A few days ago the Department for Education released the results of the Key Stage 2 tests taken earlier this year by 11-year-olds at state primary schools across England. The same data are now available on our Maps, so it's perhaps interesting to take a look at what they show.
As ever, it's a complex picture, with over- and underperforming schools in every part of the country:
Overall, London does exceptionally well (again), but the North East comes second, followed by the South East and the North West. So in contrast to GCSE results, there's no clear north-south gradient in primary attainment.
The DfE's Value-Added measure shows that these higher-performing regions are not simply starting with the most able pupils:
On the contrary, the North East has the highest level of academic underperformance at age 7, and London and the North East contain the highest proportions of pupils from deprived families. You can also see this impressive performance in the subject-specific progress that pupils make in reading, writing and maths.
This difference in Value Add comes largely as a result of these regions doing an exceptional job in raising the attainment of pupils who previously struggled during Key Stage 1 (up to 7 years old). As a result, they are also the most successful at reducing the difference between pupils who previously showed low attainment and those who who showed high attainment at age 7.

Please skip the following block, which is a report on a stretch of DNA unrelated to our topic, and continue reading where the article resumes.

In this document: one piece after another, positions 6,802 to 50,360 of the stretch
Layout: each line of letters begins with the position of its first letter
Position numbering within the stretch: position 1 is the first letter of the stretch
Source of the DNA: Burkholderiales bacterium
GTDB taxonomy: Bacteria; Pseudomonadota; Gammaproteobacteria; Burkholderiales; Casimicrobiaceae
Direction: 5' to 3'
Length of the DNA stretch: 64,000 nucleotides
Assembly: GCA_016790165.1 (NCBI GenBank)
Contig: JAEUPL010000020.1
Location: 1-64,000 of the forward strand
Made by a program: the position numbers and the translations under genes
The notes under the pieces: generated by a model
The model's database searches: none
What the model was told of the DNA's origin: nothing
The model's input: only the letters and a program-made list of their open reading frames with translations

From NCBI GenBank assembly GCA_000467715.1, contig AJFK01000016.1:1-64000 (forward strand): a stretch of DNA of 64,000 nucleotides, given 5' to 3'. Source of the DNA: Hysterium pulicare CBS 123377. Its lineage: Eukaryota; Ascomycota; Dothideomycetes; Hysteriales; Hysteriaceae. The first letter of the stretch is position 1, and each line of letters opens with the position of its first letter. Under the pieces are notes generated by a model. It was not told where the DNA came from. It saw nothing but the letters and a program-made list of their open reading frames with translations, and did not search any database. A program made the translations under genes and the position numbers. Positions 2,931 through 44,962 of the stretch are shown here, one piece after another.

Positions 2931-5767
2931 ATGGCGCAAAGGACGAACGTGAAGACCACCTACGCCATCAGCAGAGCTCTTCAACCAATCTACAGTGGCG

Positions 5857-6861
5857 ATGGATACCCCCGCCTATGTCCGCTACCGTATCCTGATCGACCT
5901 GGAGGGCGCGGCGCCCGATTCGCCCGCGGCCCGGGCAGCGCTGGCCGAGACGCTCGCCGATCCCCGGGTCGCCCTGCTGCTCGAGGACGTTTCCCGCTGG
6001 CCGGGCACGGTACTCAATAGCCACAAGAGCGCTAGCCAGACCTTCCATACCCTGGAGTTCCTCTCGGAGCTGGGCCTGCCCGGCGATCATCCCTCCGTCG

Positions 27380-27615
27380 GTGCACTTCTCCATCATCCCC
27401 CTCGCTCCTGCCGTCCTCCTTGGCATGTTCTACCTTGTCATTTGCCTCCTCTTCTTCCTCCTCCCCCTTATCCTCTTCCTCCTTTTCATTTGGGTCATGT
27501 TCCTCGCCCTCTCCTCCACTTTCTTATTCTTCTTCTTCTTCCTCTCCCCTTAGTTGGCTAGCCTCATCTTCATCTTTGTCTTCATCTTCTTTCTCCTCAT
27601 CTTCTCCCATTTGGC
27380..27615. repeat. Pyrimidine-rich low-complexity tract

Where London and the South East do tend to perform well is among that small subsets of pupils who greatly exceed national expectations by reaching Level 6 (the national target is Level 4). This is evident in reading, GPS (grammar, punctuation and spelling), maths and science.
In general, the lowest-performing region at age 11 is Yorkshire and The Humber. This is in part because children there are, on average, already behind in some subjects, such as reading, at age 7. However, children in the North East and North West are almost as far behind at that stage and yet manage to catch up (and then some) by age 11.
At the authority level, Bedford, Poole, Medway and Doncaster all stand out as underperformers. But we should close with a word of congratulation to Rutland, which was almost bottom of the country in 2014 (below left) – only Poole did worse – but in 2015 (below right) pulled itself up to above the national average. Whatever happened there, it might be worth studying.
Today saw the publication of Ofsted's annual review on education standards. As the BBC and the Guardian (and others) have reported, this expresses concern about the north-south divide among schools in England, something that I've written about before on this very blog.
Consistent with SchoolDash's previous analysis, Ofsted concludes that this disparity is particularly acute in secondary schools, and that while levels of poverty and other sociodemographic factors surely play an important part, they do not fully explain it, nor can they be used as an excuse for tolerating the status quo.
The BBC report provides a list from Watchsted of local authorities that have very low proportions of "good" or "outstanding" Ofsted-rated schools. The secondary school list corresponds reasonably well (though by no means perfectly) with those authority areas with poor average academic attainment at age 16, as measured by the average proportions of pupils getting five good GCSEs:
For example, Knowsley in Merseyside and Blackpool come out poorly in both analyses. True, there are underperforming areas in the south too, most notably the Isle of Wight, but on the whole these tend to be less numerous and less bad than in the north.